smb: \>

Set up Samba Share Windows Client

At this point, we want to show you access to the share from Windows. First, open a run box using Win+R and enter your Centos 7 IP address in the box and click Ok:

Run Box, open Samba share
Run Box

You will see the following screen, you should enter your Samba user credentials and click Ok.

Connect to samba share Centos 7
Samba Credentials

Then, the Samba shared folders on Centos 7 should appear as below:

Samba share files
Samba share files

You can open one of the files, and create a new file there. You should see the file on your server machine too.

Mount Network Drive

At this point, you can mount the Samba share permanently on your Windows system. Right-Click on This PC->Map Network Drive. This will open a window for you, provide the Path details and click Finish.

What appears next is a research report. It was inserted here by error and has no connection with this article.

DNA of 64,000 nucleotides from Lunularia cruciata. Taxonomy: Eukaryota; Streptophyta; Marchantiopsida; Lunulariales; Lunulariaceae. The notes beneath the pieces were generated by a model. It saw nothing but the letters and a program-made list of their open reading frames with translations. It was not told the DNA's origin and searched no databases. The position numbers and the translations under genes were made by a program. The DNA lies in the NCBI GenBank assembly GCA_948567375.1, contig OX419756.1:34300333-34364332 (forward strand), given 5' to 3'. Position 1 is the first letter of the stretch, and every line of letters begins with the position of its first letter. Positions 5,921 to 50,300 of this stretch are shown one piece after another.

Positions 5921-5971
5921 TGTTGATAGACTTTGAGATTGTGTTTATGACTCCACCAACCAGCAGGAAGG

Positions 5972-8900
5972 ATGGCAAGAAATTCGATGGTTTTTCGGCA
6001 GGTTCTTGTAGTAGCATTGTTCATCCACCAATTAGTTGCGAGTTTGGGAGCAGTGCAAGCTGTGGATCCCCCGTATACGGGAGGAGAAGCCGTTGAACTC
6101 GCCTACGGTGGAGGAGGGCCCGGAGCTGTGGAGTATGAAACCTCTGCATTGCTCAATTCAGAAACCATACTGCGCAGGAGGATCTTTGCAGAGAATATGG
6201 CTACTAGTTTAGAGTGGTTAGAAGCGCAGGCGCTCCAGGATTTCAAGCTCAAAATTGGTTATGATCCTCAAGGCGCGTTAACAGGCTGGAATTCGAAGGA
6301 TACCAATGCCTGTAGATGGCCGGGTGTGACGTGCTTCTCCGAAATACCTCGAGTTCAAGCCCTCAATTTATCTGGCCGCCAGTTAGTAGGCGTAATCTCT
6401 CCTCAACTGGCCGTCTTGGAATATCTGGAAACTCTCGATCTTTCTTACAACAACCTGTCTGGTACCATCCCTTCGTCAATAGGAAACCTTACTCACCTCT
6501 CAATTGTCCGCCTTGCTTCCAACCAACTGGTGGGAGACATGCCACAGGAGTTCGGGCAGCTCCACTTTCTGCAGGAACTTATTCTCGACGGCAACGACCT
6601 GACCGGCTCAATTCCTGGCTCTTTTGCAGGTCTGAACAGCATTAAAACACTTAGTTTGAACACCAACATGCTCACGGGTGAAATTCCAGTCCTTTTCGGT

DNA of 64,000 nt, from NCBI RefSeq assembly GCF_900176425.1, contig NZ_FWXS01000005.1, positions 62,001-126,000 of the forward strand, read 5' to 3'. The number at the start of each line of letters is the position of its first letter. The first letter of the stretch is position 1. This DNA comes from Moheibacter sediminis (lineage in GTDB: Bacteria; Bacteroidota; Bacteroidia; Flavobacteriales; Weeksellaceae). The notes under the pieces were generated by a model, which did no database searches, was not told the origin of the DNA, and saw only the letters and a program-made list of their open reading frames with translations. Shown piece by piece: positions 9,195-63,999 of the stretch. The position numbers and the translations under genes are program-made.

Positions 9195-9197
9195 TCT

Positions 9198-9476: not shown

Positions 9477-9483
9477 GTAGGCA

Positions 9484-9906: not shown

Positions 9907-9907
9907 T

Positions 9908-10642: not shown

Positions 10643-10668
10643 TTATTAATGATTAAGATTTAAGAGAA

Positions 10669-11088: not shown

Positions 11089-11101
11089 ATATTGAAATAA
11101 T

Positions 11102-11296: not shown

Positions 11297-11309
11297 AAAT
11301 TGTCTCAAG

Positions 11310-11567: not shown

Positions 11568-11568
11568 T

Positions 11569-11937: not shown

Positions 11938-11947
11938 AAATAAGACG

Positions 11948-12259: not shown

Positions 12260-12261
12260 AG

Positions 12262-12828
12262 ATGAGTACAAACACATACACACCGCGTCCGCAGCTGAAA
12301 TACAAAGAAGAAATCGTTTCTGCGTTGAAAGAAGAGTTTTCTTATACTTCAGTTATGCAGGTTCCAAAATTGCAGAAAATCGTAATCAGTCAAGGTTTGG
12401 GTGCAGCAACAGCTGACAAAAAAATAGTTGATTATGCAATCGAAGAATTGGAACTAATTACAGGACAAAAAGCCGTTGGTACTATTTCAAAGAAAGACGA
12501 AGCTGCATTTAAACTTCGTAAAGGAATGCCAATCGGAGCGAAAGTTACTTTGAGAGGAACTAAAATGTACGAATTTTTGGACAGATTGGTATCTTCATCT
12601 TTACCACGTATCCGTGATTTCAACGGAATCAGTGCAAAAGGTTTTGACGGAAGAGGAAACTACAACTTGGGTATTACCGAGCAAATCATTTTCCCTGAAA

Map Samba Network Folder
Map Samba Network Folder

Then, enter the Samba user credentials and click ok.

You will have the share available on your This PC.

Set up Samba Linux Client

At this point, you can access the share folders from a Linux client. To do this, you need to have Samba packages installed on your server. Here our Linux client is Centos 7:

sudo yum install samba samba-common samba-client 

Then, navigate to File manager->Other locations and add your share using the syntax below.


Enter the credentials for the samba user. That is it! You have your Samba share on your Linux client machine.


At this point, you have learned to Install and Configure Samba Share on Centos 7.

Hope you enjoy it. You may be like these articles:

How To Install Tor Browser on Centos 7

How To Install Postman on Centos 7